This is the end of Television as we knew it
Our way for watching TV is changing on day to day basis. More than 70 years, television has been dominated by network broadcasters. Last few years, however, a whole bunch of new market players, such as web players and telecoms operators, have entered the market with ground-breaking platforms and innovative formats that utilize rising new technologies, and are changing our watching experience and viewer consumption behavior. Consequently, both the overall TV value chain and existing revenue models appear increasingly destabilized. In this transition, traditional players as well as new players fight to achieve better position in new established situation. While broadcasting satellite and cable TV operators were busy setting up, internet and TV started to integrate with common services on multiple devices.
This is not some kind of overnight thing or latest technology one season fashion. We can look at this like the result of three major development stages: PC and mobile devices become a means for watching TV – more and more content is either streamed or downloaded onto PCs or mobile devices using a variety of different service platforms, set-top boxes and gaming consoles provide internet-based video access – Set-top box manufacturers such as Roku or Syabas as well as major console manufacturers like Sony and Microsoft include software in their products which allow direct access to the internet and online video platforms, TV-sets include internet connectivity – Major consumer electronics manufacturers, such as Sony and LG, have started to include web applications in their classic TV sets, allowing the web to come to the living room.
Many years after television started as a simply transitory, the 2009-2010 economic downturn marks the beginning of a decade of restructuring for the TV industry. This new period will begin with an overall decline in the sector’s resources before increasingly varied consumption patterns spur a new period of growth. The decade running from 2010 to 2020 will also be a period that focuses on cost control, with the industrialization of TV production that will depart once and for all from its historical model.
The TV industry is gaining a strong position on the Web, unlike the music and print media industries. As a result, future television will play a central role in video services. This offensive strategy will likely pay off down the line, but does not completely eliminate the possibility of destroying value. There are some structural reasons for this, including a high competitive online advertising market and a lack of control over program circulation and distribution.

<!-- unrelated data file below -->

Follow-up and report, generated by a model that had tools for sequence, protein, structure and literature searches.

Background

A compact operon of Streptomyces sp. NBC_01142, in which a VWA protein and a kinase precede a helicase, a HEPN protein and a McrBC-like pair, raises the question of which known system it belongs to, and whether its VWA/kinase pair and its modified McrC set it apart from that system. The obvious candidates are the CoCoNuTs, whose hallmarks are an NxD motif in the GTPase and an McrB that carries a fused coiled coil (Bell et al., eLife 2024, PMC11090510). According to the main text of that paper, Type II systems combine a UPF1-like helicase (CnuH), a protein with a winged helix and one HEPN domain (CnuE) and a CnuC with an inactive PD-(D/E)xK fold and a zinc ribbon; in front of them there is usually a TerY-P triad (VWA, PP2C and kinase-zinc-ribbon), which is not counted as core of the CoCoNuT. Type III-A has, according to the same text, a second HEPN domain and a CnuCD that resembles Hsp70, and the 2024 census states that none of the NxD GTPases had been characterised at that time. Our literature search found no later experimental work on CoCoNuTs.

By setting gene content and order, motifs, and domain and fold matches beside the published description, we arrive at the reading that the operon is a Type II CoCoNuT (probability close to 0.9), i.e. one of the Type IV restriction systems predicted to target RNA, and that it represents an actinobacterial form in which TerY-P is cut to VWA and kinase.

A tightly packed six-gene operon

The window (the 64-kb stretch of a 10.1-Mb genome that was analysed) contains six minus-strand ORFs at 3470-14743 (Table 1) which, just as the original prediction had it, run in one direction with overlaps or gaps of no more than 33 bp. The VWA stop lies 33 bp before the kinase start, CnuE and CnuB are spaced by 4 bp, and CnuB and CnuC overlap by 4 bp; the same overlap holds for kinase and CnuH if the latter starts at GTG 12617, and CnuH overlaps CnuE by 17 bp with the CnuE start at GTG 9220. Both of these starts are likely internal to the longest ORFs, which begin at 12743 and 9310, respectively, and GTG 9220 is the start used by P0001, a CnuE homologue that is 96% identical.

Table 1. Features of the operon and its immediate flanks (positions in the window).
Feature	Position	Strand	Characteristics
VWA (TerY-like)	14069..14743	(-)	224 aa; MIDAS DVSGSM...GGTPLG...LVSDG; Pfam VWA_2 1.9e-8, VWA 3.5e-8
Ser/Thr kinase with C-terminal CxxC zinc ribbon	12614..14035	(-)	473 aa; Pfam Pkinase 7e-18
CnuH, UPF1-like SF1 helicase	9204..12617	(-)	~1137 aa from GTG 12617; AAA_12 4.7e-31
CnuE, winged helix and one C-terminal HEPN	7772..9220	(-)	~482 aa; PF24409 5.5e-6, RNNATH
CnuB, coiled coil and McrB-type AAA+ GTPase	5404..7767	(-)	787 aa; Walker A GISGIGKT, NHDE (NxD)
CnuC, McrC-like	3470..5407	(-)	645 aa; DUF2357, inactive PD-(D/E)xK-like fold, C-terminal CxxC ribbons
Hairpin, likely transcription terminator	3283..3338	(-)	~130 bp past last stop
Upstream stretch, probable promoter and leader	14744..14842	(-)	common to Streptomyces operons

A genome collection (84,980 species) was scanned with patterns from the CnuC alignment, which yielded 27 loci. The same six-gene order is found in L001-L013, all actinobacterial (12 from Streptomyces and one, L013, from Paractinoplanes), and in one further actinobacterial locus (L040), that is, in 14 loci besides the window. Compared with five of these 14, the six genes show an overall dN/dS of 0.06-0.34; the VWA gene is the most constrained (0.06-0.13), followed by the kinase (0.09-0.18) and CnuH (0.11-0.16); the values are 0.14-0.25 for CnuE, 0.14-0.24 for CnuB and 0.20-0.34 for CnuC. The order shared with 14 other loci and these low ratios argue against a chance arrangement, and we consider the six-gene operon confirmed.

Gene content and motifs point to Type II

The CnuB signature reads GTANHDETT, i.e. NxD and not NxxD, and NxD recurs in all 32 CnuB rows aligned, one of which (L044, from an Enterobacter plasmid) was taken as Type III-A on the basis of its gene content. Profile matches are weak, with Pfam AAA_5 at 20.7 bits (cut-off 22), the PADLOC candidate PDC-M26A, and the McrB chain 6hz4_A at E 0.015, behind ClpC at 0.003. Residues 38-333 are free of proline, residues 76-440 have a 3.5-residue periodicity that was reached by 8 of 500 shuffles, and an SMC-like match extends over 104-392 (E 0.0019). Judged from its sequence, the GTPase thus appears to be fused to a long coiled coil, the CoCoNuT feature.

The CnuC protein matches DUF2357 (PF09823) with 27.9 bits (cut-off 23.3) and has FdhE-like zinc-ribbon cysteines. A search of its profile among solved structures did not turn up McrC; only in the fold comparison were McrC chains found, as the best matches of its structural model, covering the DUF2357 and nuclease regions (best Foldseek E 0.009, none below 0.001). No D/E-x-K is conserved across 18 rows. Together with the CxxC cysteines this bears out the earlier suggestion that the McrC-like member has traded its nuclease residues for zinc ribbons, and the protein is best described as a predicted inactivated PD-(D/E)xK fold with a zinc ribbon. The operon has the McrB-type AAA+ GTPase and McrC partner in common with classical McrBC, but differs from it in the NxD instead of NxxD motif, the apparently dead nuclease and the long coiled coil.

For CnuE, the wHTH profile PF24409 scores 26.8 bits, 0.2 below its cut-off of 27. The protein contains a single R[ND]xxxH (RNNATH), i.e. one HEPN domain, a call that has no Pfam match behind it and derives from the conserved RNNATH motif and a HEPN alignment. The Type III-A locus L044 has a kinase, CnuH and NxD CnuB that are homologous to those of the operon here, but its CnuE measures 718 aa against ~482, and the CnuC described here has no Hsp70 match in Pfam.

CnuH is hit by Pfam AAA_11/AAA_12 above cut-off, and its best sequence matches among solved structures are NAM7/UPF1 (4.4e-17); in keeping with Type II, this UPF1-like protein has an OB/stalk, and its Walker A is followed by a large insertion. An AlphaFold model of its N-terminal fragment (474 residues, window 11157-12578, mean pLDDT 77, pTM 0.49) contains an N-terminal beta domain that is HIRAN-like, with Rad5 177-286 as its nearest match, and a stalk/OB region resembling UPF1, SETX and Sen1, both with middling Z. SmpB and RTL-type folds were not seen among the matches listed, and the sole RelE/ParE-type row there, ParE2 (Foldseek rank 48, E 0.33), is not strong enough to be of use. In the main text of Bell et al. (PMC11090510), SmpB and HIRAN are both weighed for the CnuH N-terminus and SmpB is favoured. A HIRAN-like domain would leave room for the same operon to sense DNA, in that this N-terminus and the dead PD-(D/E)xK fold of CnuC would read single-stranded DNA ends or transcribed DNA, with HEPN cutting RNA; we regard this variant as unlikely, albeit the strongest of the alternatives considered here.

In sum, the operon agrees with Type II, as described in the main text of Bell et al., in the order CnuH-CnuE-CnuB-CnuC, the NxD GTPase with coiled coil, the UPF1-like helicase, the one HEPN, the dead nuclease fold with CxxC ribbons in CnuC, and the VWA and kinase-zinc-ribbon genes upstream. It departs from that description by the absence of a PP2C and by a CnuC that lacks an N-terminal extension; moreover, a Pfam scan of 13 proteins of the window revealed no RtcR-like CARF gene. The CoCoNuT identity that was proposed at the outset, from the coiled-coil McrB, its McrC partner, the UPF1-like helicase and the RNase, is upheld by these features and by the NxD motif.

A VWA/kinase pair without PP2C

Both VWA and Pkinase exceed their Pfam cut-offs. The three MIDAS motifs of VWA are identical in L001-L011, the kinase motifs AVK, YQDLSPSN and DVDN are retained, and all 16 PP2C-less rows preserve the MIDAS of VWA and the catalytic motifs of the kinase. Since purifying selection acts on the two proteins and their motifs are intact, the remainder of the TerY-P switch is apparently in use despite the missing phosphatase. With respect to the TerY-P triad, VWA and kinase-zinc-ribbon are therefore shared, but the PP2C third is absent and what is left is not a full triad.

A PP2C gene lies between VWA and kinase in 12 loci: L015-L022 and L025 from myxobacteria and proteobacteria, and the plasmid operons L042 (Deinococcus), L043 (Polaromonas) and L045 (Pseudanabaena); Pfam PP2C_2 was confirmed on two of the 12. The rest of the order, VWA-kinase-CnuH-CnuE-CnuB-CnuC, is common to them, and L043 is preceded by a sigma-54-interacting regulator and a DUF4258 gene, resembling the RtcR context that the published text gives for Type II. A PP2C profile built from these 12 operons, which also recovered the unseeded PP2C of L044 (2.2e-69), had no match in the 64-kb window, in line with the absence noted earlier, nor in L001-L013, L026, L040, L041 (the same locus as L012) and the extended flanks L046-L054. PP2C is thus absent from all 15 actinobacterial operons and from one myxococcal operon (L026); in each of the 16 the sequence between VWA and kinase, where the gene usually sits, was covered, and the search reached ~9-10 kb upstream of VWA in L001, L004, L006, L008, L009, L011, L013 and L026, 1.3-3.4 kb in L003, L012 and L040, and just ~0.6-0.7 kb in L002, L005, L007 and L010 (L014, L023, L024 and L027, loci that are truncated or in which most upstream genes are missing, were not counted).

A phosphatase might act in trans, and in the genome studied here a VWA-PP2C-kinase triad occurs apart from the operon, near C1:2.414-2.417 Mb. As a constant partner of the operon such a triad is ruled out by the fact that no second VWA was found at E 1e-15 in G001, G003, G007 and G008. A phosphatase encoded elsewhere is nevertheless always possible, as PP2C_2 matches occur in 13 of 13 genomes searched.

Necessary conditions for the future online TV are: consumers are comfortable with online visual consumption; technical solutions that give users access to Internet content on their television sets have been implemented; open Internet access is possible from mobile telephones; premium content is available on the Web; online video quality of service is improving; new players from industries related to the television industry have aligned their strategies.
While this future TV on computer via internet migration will be gradual, it will have a big and deep impact on the industry: the exclusive rights model will no longer be the standard; some consumers will lose interests for traditional managed networks; a globalization trend will be sparked, to the benefit of the major rights holders.
According to iDate’s report, the worldwide television market was, in 2009, primarily affected by the decline in advertising revenue of 9.2%, which could not be compensated for by paid television or public funding; these two sources of revenue increased 7.2% and 3.5% respectively. Up until 2008, advertising was by far the primary means of funding for the industry, generating about 50% of the sector’s revenue, compared to 40% for paid television and 10% for public funding. In 2009, the weight of advertising and subscriptions each accounted for about 45% of the sector’s revenue. By 2010, revenue from paid television should exceed overall advertising revenue worldwide, reaching a ratio of approximately 47%/44% by 2013.
According to the latest forecasts from Informa Telecoms & Media, over 20 million TV homes globally will be watching 3D TV within five years. Backed by key industry players including set manufacturers, content owners, broadcasters, platforms and satellite operators, 3D TV is expected to be in 1.6% of all homes by 2015. North America will lead the way in terms of number of 3D TV homes with 9.2 million; Western Europe will be the second largest region with 6.8 million and Asia Pacific third with 4.6 million.
Old school linear TV market is still the main player but it is significantly diminishing in importance. The introduction of HD resolution has given traditional linear TV another push but it will be hard to revive long-term viewer interest for personalized TV and on-demand video and all of that can lead to the end of today’s way for watching TV. If so, how will this affect the big key players in the television industry and how should they respond to these changes? Looking at successful players in the new TV ecosystem we believe, that players who want to be present in this new arena need to pay attention to presence on multiple devices and ensure “TV everywhere” as well as a best in class interfaces, identify key content, integrate different formats, bridge content sources and complement linear TV with interactivity, focus on a mix of free and paid services leveraging existing content as well as user/usage data and re-inventing advertising
This summary is based on the report “Future of Television” by Arthur D. Little.